About 2,238,462 travelers passed through Transportation Security Administration (TSA) checkpoints on August 1, 2021. Per TSA data, that’s nearly three times the number of travelers logged a year ago on August 1, 2020. The data doesn’t lie: With about 60 percent of the country at least partially vaccinated against COVID-19, Americans are undoubtedly feeling safer and more enthusiastic about late-summer travel. But as the COVID-19 Delta variant sweeps the nation and sends cases skyrocketing once again, how will travel restrictions change for travelers who booked their trips months ago? Read on to find out more about how the Delta variant may impact COVID-19 travel restrictions.
What Travelers Need to Know About the COVID-19 Delta Variant
USA Today reports that more than 90 percent of counties in the United States are experiencing “high or substantial transmission” of the Delta variant, which is around twice as transmissible as the variant that drove infections last year. And, while breakthrough cases – instances of illness in fully vaccinated patients – remain rare, a small percentage of fully vaccinated people will contract COVID-19. The Centers for Disease Control and Prevention (CDC) report that vaccinated patients are much less likely to get severely sick or die from the virus; however, the agency also suggests that travelers avoid travel to more than 70 countries regardless of vaccination status. All of this points to a travel landscape that continues to change by the day.
Current COVID-19 Travel Restrictions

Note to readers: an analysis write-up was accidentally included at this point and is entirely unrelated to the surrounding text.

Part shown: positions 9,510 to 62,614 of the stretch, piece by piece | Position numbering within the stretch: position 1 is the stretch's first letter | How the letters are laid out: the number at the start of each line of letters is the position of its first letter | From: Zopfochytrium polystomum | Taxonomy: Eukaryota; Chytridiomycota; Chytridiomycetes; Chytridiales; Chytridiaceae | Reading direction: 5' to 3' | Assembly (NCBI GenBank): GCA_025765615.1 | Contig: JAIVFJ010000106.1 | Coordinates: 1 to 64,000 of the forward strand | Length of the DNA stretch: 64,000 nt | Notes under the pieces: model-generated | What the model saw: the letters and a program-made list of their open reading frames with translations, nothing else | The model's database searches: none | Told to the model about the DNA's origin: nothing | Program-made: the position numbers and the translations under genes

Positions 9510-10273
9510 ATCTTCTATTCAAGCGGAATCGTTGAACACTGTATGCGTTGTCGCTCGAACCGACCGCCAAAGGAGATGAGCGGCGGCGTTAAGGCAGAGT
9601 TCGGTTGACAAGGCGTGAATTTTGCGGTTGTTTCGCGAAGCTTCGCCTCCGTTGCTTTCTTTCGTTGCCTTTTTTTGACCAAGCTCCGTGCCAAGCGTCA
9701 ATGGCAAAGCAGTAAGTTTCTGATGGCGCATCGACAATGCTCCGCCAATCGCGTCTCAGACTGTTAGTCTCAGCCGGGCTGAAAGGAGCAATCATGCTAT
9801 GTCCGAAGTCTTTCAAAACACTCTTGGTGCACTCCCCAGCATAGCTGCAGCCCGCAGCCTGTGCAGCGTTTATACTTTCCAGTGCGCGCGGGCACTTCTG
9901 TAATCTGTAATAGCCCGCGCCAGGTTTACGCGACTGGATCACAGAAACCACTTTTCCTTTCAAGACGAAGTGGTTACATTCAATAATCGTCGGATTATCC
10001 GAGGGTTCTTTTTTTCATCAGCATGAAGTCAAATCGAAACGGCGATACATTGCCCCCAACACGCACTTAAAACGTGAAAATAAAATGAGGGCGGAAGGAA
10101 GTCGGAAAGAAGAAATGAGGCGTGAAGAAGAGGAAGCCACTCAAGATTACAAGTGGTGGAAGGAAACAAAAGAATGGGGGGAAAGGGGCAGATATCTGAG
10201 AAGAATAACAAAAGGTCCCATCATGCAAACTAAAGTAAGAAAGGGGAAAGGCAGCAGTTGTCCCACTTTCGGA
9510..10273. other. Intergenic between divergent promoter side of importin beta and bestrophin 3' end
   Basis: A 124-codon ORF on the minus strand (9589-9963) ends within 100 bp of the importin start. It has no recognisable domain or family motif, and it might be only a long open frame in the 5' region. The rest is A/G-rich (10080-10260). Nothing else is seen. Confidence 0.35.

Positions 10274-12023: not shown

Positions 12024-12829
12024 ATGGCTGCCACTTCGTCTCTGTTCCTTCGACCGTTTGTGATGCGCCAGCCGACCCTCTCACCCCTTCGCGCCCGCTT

So, you booked a domestic or international trip months ago after receiving your final dose of the COVID-19 vaccine. Should you alter your plans given the Delta variant’s continual surge? The answer depends partially on your destination, as some cities and countries are reintroducing travel restrictions. For example, Forbes reports that Germany is the latest European country to require Americans to be fully vaccinated before entering the country. Similarly, Puerto Rico will also require all hotel and short-term rental guests to show proof of a COVID-19 vaccination. On the domestic level, mask mandates are also resurfacing in destinations across the United States, such as Chicago and Los Angeles. Additionally, some cities, like New Orleans, now require proof of vaccination for indoor events. Finally, if you’re leaving the country, remember that all air passengers age two and older must show proof of a negative COVID-19 test to reenter the United States.
How to Reduce Your Risk While Traveling During the Delta Surge
First, the CDC recommends that all travelers delay travel until they are fully vaccinated. “If you are not fully vaccinated and must travel, follow the CDC’s recommendations for unvaccinated people,” the agency writes. If you’re vaccinated and concerned about your travel plans, both the U.S. State Department and the CDC provide country-specific COVID-19 risk assessments. These assessments can help you make a decision based on your personal comfort level, as well as any health risks you or your loved ones may have. Finally, travelers should follow the CDC’s guidelines on mask-wearing, social distancing, and indoor gatherings regardless of their destination or vaccination status.
So, how is the Delta variant impacting COVID-19 travel restrictions? The answer seems to change by the day. When in doubt, be sure to equip yourself with as much knowledge as possible through public health resources before you make a decision about any upcoming travel plans.
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